Let’s take a look at a hypothetical scenario: Mr. James has just made an earnest money deposit for a property he loves in California. In his mind, he is ready to close the deal. But when he gets to the bank, he is surprised that they are still requesting a down payment. “I thought the earnest money deposit is the same as the down payment,” he protests.
When it comes to closing real estate deals, many investors, like Mr. James, are often confused about the difference between earnest money deposits and down payments. This confusion often leads them to underestimate how much money they need to close a deal or what they need to pay at what time.
As the commercial real estate industry continues to blossom in the US, investors who want to close more deals and create a profitable portfolio must understand these two common terms, including their similarities and differences.
In this article, we will consider earnest money deposits vs down payments and how both of them are important when it comes to closing a real estate deal. We’ll cover:
[Do you want to close commercial real estate deals, but you don’t have cash to pay earnest money? Sign up for Duckfund, complete a soft deposit financing request in just 2 minutes and get the cash you need in just 48 hours – all with the industry’s most competitive rates.]
Today, there are many prospective property buyers on the market requesting information about properties, which has compelled some sellers to introduce a method of differentiating the serious prospects from the rest: the earnest money deposit.
Also known as good faith deposit, good faith money, and earnest deposit, this is an amount that the seller (directly or through a real estate agent) requests a potential buyer pay to show commitment and seriousness towards the purchase of a given property. Without this payment, commercial property or home inspection and negotiation might not be scheduled.
Earnest money deposits are now as common in the residential home buying process as in commercial real estate. Even when the seller does not request it, buyers often propose to pay it as a way of showing commitment and to get an edge over other candidates for the property.
Typically, sellers demand an earnest money deposit of between 5% and 15% of the property’s sale price, though many require as low as between 1%-3%. There is no industry standard and the amount of earnest money demanded will depend on the seller.
Though the earnest money deposit is made upfront at the beginning of the transaction, the seller typically doesn't take possession of it. Instead, the money is deposited in an escrow – a third-party account that holds the money on behalf of the two parties.
After this deposit has been made, the seller and buyer prepare and sign a purchase and sale agreement that will include terms upon which the deal will be finalized.
However, the payment of a soft deposit only confers on the buyer an option to buy rather than an obligation. That is, the presence of certain contingencies might necessitate that the buyer opt out of the deal.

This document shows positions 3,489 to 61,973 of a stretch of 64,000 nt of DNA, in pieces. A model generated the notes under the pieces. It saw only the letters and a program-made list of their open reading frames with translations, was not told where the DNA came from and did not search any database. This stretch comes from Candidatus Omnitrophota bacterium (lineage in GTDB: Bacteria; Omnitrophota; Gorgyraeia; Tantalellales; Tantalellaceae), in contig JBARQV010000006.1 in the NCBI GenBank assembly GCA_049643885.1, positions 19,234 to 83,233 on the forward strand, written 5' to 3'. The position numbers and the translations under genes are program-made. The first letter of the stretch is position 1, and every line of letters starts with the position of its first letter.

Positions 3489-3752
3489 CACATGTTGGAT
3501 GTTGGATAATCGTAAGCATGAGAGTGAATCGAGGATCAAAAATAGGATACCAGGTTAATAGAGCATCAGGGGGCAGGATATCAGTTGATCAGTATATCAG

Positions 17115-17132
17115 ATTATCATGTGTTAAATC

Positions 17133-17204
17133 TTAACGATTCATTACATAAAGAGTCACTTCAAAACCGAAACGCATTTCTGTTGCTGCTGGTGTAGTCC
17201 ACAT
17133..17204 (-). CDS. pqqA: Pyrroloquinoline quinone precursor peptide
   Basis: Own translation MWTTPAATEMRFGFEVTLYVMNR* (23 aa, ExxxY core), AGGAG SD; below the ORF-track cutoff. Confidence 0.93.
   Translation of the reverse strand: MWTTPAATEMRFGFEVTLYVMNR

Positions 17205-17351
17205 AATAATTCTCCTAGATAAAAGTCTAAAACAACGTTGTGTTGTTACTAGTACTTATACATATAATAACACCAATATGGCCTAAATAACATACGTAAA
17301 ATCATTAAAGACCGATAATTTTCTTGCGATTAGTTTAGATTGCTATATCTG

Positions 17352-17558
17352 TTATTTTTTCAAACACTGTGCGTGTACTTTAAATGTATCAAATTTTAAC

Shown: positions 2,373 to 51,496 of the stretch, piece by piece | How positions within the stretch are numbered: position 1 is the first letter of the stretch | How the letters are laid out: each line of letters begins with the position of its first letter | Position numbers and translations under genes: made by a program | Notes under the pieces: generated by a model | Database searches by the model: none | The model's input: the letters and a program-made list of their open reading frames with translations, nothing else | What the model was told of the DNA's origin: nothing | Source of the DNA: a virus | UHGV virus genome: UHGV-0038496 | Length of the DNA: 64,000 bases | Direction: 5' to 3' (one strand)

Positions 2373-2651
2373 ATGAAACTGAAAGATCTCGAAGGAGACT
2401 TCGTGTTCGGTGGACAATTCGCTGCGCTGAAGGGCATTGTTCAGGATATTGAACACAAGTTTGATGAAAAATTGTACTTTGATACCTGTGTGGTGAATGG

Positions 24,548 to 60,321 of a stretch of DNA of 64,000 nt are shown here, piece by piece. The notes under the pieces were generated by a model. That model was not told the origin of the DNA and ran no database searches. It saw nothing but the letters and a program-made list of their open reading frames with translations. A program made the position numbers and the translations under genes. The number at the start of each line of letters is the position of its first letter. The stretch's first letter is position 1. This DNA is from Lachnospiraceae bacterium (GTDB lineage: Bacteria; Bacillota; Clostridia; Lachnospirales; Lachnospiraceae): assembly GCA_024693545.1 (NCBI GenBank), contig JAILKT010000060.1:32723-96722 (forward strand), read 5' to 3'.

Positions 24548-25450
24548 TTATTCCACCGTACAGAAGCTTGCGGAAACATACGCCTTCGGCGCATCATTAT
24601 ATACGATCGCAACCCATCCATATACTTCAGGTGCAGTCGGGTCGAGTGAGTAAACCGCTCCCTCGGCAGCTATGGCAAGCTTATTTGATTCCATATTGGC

If such contingencies were already included in the purchase and sale agreement (which is different from the purchase contract signed when the deal has been closed and payment made), then the escrow returns the earnest money deposit back to the buyer.
If, on the other hand, the reasons for voiding the deal are not part of already-agreed contingencies, the buyer will be required to forfeit the earnest money deposit.
Similarly, the seller might decide not to proceed with the sale even after the payment of the soft deposit money due to contingencies already included in the purchase and sale agreement (which is different from the sales contract signed when the deal has been closed and payment made). In this case, the soft deposit money will be returned to the buyer.
Earnest money is usually paid out in one of two ways.
First, it can be included as part of the down payment for the property (see below for what a down payment is). That is, if an earnest money deposit of $10,000 has been paid and the down payment is $1,000,000, the buyer will now be required to pay $990,000 instead of $1,000,000.
Secondly, the soft deposit can be used to cover all or part of the closing costs of the deal. According to Investopedia, “closing costs are the expenses over and above the property's price that buyers and sellers usually incur to complete a real estate transaction. Those costs may include loan origination fees, discount points, appraisal fees, title searches, title insurance, surveys, taxes, deed recording fees, and credit report charges.”
A down payment is a portion of the purchase price of a property that the lender demands from the borrower in a mortgage transaction.
The first thing to note is that a down payment becomes relevant only when the buyer of a property is not paying cash and using a mortgage instead. Though payment for properties with a mortgage is most common, there are still many people that pay cash.
In a mortgage transaction, the down payment serves various purposes. First, it is a way for the lender to be sure that the borrower has the capacity to make consequent payments. Second, it is a way for the lender to reduce its risk (by reducing the amount it needs to lend the borrower). Third, it is also a way for the borrower to get better loan terms (more on that below).
The down payment amount demanded by lenders can vary from between 5%-20% of the purchase price of the property.
In the US, 20% has been the traditional standard. Even when less than 20% is required, buyers prefer to pay as high as that since a higher down payment can procure better loan terms – lower interest rates, lower monthly mortgage payments, waiver of private mortgage insurance (PMI).
The down payment is used immediately to reduce the loan amount – the portion of the purchase price the lender needs to advance to the borrower.
For example, if the purchase price is $10 million and the borrower has made a down payment of $2 million (20% of purchase price), then the lender only needs to lend them $8 million. This is the amount that the purchaser will spread out over the following years, based on the terms of the mortgage.
Furthermore, the down payment goes directly to the seller of the property.